Radio 101: Operating Two-Way Radios Every Day and in Emergencies
Radio 101: Operating Two-Way Radios Every Day and in
Two-way radio communication may seem like a thing of the past with smart phones and the
availability of more advanced technology. However, with the recent frequency of natural disasters,
storms, and other emergency situations, more attention is being paid to radios as a reliable form of
communication and a possible back-up communication option, including amateur radio operators.
Image courtesy: Decatur County Amateur Radio Club
For example, the Times of India reports that the recent monsoon flooding disaster in the northern
India state of Uttarakhand in July 2013 has prompted officials in other flood-prone regions to
establish Amateur Radio facilities to provide emergency communication.
What are two-way radios and how do they work?
Two-way-radioImage: Amateur radio equipment. Image courtesy of the American Radio Relay
According to Wikipedia,
A two-way radio is a radio that can both transmit and receive (a transceiver), unlike a broadcast
receiver which only receives content. A two-way radio (transceiver) allows the operator to have a
conversation with other similar radios operating on the same radio frequency (channel).
Two-way radios are available in mobile, stationary base and hand-held portable configurations.
Hand-held radios are often called walkie-talkies or handie-talkies.
9780160910012A recent training publication produced by the Department of Health and Human
Services, Centers for Disease Control and Prevention and the National Institute for Occupational
Safety and Health called Radio 101: Operating Two-Way Radios Every Day and in Emergencies
provides training materials on how to operate two-way radios. Included are an instructorâs guide,
a DVD with a power point presentation and a student handbook. These training materials practice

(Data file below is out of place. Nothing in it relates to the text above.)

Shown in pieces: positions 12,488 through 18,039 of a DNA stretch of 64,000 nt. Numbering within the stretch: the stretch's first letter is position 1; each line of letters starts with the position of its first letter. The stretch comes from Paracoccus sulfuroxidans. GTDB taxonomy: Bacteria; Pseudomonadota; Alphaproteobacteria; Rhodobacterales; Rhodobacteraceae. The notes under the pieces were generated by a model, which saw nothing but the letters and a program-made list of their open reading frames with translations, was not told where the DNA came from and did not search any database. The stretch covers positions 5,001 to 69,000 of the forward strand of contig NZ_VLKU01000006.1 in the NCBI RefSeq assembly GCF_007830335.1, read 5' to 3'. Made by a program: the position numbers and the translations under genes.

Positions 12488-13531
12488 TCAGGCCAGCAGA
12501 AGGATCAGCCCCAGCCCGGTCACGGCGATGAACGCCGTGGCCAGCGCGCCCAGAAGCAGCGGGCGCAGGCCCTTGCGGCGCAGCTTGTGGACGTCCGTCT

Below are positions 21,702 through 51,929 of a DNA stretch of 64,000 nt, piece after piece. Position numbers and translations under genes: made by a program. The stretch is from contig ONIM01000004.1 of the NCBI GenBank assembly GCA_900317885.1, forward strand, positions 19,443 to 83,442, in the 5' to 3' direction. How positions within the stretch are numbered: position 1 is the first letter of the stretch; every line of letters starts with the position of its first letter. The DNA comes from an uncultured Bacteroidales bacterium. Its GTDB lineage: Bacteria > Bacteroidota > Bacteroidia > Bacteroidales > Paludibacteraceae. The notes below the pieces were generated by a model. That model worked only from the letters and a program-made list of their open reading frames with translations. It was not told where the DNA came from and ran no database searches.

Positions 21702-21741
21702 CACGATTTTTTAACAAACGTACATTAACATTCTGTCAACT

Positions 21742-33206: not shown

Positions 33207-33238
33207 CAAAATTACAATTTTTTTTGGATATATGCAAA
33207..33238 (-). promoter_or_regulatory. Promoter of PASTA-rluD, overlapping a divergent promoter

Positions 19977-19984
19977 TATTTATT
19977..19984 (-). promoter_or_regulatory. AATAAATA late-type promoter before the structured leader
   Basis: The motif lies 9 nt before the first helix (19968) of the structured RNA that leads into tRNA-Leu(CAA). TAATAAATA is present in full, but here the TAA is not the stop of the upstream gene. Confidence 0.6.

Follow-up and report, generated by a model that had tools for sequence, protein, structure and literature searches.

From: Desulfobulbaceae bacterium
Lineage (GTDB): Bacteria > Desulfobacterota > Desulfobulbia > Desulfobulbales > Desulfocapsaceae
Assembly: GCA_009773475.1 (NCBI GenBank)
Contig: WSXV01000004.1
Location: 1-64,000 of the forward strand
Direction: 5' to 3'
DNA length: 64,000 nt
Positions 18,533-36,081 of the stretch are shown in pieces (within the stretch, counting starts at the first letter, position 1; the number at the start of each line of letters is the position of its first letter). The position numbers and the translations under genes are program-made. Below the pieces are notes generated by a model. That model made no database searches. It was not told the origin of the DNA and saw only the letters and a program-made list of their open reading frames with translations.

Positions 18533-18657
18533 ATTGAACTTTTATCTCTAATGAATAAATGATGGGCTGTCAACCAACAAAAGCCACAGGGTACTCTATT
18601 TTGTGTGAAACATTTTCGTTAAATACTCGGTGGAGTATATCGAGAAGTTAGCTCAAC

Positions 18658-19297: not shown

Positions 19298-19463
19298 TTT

what they preach, in that they are brief, straightforward and conciseâ just as two-way radio
conversations need to be.
While many of the scenarios used throughout the training materials apply to miners and situations
where miners would need to use two-way radios, the information is generic enough that it is
applicable to any emergency.
The information provided in the training materials seems like common sense, but there are a few
important tips to consider when using two-way radio communication in an emergency situation:
Less is more. Be brief and efficient; know what you are going to say before using the radio so you do
not tie up the channel while you are thinking of what to say.
Donât mind your manners. It is not necessary to be polite, saying âpleaseâ and âthank
Repetition rocks. Repeat back information you receive to confirm that you heard the correct
heard by others picking up your frequency. However, this downside is a big plus in emergency
broadcasts and SOS situations where the operator wants as many people possible to be listening in
to be able to pick up and relay his message.
License to Help
To operate an amateur two-way radio in the United States requires taking a test and obtaining a
license from the FCC (Federal Communications Commission). The American Radio Relay League
(ARRL) is the national association for amateur radio (also called ham radio with operators being
called âhamsâ) in the US and âprovides hams and non-hams the resources to learn, get
licensed, and help others on the air.â
Amateur-Radio-Emergency-ServiceAlready have your amateur radio license and want to help your
community? Check out the ARRLâs Public Service page for training, resources, manuals and more.
The Amateur Radio Emergency Service (ARES) consists of licensed amateurs who have voluntarily
registered their qualifications and equipment for communications duty in the public service when
Recently, the American Radio Relay League hosted their national Field Day where amateur radio
clubs across the country gathered locally to test their radio equipment and practice communication
strategies in the event of an emergency. Learn more about Field Day.
Rules of the Radio
Together with the Radio 101 training guide, two-way radio operators who want to learn the ârules
of the radioâ often buy the latest United States Frequency Allocations: The Radio Spectrum Chart
(shown below). This poster shows through color codes the parts of the radio spectrum that are
allocated to each type of radio service, including amateur (ham) radio, commercial radio and
television broadcasting, radio navigation, mobile, satellite, and others.
9780160908958Finally, the definitive sources of radio regulations, frequencies and procedures can
be found in the Manual of Regulations and Procedures for Federal Radio Frequency Management
and the Code of Federal Regulations Title 47 (FCC Rules and Regulations).
It is important to be prepared in any situation and not rely ononly one form of communication. Thus,
it is comforting to know that amateur radio operators are working on behalf of their communities to
help during emergency situations.